Mon, 27 May 2019

Debutant Somerville triggers Pakistan collapse

07 Dec 2018, 19:42 GMT+10

3:00 AM ET

Lunch Pakistan 348 (Azhar 134, Shafiq 104, Somerville 4-75) and 55 for 5 (Babar 4*, Somerville 2-4) need another 225 runs to beat New Zealand 353 for 7 dec (Williamson 139, Nicholls 126*, Yasir 4-129) and 274 (Williamson 89, Watling 77*, Bilal 5-65)

New Zealand are five wickets away from a remarkable turnaround and a result that is more a heist than a series win. After the smash-and-grab in Abu Dhabi in the first Test, New Zealand look set to have repeated the formula in the decider, reducing Pakistan to 55 for 5 in an extended opening session. For several teams, it would be a match that stood out for years, the poster child for the need to learn lessons. For Pakistan, it won't even be the most dramatic implosion of this three-Test series.

In a chase of 280, Mohammad Hafeez was dropped off the first ball he faced, allowing him to escape a pair in his final Test. He was castled soon after by a dream of a ball from Tim Southee, pitching on middle and off and shaping away to clip the top of the off stump. Hafeez's batting career had ended with a moment of cricketing brilliance. Just a shame it didn't come from him.

Any thoughts Pakistan might have had of chasing down New Zealand's total - and they do seem laughably nave now - were extinguished soon after, when Azhar Ali edged behind off Colin de Grandhomme. That slowed them down, but the worst was yet to come.

William Somerville, who has made an impressive debut, got rid of Haris Sohail and Asad Shafiq off consecutive balls, beautifully controlling the flight to extract edges from both batsmen. It seemed to blow away realistic hopes of Pakistan salvaging a draw. It looked worse when Babar was given out lbw, but a review saved his skin. It did become worse in the last over before lunch, though, when Ajaz Patel drew a bat-pad nick from Imam to short leg to cap a session that could scarcely have gone better for them if Williamson had demanded it off a bottle genie.

The day had started with New Zealand letting their hair down. In a wildly entertaining mini-session, Henry Nicholls took charge with his unbeaten 126, and with assistance from Colin de Grandhomme and Tim Southee, New Zealand walloped 81 runs in nine overs. It was a final show of dominance from the visitors before they put Pakistan in to bat, a swift lashing to add to the bruises they had inflicted yesterday. Within a day, the situation was flipped completely, and with Pakistan now set 280 in 79 overs, a win for the hosts looks like the least probable outcome.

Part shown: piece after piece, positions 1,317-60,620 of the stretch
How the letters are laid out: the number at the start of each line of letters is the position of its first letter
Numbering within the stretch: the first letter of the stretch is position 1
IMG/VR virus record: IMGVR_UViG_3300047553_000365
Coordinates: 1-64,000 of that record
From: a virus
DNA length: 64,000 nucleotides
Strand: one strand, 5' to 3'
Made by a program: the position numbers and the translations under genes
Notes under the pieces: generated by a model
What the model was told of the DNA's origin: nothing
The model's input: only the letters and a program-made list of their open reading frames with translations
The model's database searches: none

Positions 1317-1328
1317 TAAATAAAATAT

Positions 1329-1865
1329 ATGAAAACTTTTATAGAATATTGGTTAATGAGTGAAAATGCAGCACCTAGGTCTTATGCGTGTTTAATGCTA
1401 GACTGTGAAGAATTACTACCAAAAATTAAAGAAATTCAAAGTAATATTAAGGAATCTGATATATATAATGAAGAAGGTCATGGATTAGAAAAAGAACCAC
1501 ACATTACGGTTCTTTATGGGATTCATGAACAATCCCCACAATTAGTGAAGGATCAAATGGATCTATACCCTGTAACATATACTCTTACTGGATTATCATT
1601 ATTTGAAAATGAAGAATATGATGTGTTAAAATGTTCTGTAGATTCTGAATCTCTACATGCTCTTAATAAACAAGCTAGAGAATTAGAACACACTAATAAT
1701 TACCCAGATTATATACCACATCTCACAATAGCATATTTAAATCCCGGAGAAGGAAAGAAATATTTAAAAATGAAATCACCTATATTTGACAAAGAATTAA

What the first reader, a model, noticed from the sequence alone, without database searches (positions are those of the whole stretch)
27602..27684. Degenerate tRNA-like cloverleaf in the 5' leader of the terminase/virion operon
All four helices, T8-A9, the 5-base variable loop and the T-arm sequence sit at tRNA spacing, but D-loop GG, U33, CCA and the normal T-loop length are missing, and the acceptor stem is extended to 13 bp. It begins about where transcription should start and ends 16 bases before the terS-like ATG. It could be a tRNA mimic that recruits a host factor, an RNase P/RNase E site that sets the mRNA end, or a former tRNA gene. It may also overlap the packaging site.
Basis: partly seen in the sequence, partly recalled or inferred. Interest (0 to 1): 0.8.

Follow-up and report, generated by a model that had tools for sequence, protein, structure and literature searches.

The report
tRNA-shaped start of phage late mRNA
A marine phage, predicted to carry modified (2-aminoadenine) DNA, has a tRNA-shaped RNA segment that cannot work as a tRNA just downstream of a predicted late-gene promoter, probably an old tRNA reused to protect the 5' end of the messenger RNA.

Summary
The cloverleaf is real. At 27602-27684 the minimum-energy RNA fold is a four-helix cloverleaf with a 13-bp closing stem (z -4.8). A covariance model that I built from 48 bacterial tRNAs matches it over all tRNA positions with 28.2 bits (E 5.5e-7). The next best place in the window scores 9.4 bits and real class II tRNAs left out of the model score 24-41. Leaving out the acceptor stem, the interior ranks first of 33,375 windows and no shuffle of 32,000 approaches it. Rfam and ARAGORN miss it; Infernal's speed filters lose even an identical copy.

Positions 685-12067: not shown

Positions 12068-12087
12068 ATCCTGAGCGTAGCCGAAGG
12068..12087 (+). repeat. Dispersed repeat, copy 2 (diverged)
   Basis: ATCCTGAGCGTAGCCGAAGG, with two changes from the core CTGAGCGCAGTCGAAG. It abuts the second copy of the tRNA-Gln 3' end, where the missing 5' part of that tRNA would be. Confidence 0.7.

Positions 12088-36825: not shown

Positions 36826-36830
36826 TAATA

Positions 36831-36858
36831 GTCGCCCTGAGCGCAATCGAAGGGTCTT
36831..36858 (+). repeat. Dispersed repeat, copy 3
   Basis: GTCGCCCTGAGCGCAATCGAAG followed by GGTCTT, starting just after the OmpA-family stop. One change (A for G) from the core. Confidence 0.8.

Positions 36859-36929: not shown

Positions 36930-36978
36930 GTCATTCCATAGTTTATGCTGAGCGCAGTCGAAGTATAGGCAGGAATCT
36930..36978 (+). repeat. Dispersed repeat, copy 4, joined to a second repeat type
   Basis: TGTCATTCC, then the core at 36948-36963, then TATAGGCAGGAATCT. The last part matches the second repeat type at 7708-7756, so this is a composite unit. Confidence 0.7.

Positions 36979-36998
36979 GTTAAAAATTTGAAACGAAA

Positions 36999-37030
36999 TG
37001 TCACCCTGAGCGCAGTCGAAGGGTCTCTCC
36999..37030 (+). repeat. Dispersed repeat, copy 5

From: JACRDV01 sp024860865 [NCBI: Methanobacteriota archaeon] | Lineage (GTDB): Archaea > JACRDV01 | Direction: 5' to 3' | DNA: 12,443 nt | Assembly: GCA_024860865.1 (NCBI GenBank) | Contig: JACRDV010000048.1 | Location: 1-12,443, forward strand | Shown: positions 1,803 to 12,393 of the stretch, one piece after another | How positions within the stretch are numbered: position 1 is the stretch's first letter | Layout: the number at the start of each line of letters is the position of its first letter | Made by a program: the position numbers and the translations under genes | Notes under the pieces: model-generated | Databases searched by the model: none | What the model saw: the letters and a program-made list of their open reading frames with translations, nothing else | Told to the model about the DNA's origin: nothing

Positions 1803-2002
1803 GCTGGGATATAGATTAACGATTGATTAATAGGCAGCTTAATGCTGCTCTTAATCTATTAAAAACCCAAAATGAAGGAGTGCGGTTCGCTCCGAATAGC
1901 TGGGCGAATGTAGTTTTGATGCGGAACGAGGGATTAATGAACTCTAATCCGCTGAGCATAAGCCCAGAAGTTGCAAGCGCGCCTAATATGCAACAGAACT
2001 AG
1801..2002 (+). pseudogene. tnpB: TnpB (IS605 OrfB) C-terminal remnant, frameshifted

Pakistan had begun as well as they could have, when Hasan Ali trapped Kane Williamson in front on the first ball of the day, ending a stand that had stalled Pakistan for over 80 overs. It was the first time the New Zealand skipper had been dismissed after scoring a second-innings ton, giving him a ludicrous average of 856 in those six digs. With New Zealand having won four and drawn one of the previous five, his side will fancy their chances for the rest of the day.

Williamson's dismissal failed to scare the visitors into conservatism, and two fours in the same over sent across that message. Another ten runs off the next, in which Nicholls moved to 99, made it clear that a quick declaration was on the cards. Nicholls' third Test hundred - his first outside New Zealand - came in the next over, and after that, he too cut loose. The short balls from the fast bowlers were most mercilessly put away, while at the other end de Grandhomme, looking a much freer player, smashed Shaheen Afridi and Yasir Shah for sixes. Yasir removed de Grandhomme and BJ Watling off successive deliveries in response, but even Southee couldn't be contained here.

A six off Yasir from the fast bowler was enough to convince the captain that they had accumulated the requisite runs, and he called his side in. Having gone unbeaten in UAE Test series in nearly a decade, Pakistan looked like they would be left clinging on to avoid losing two in the last three. It is just a shame for their long-suffering supporters that they don't even seem to be clinging that hard.

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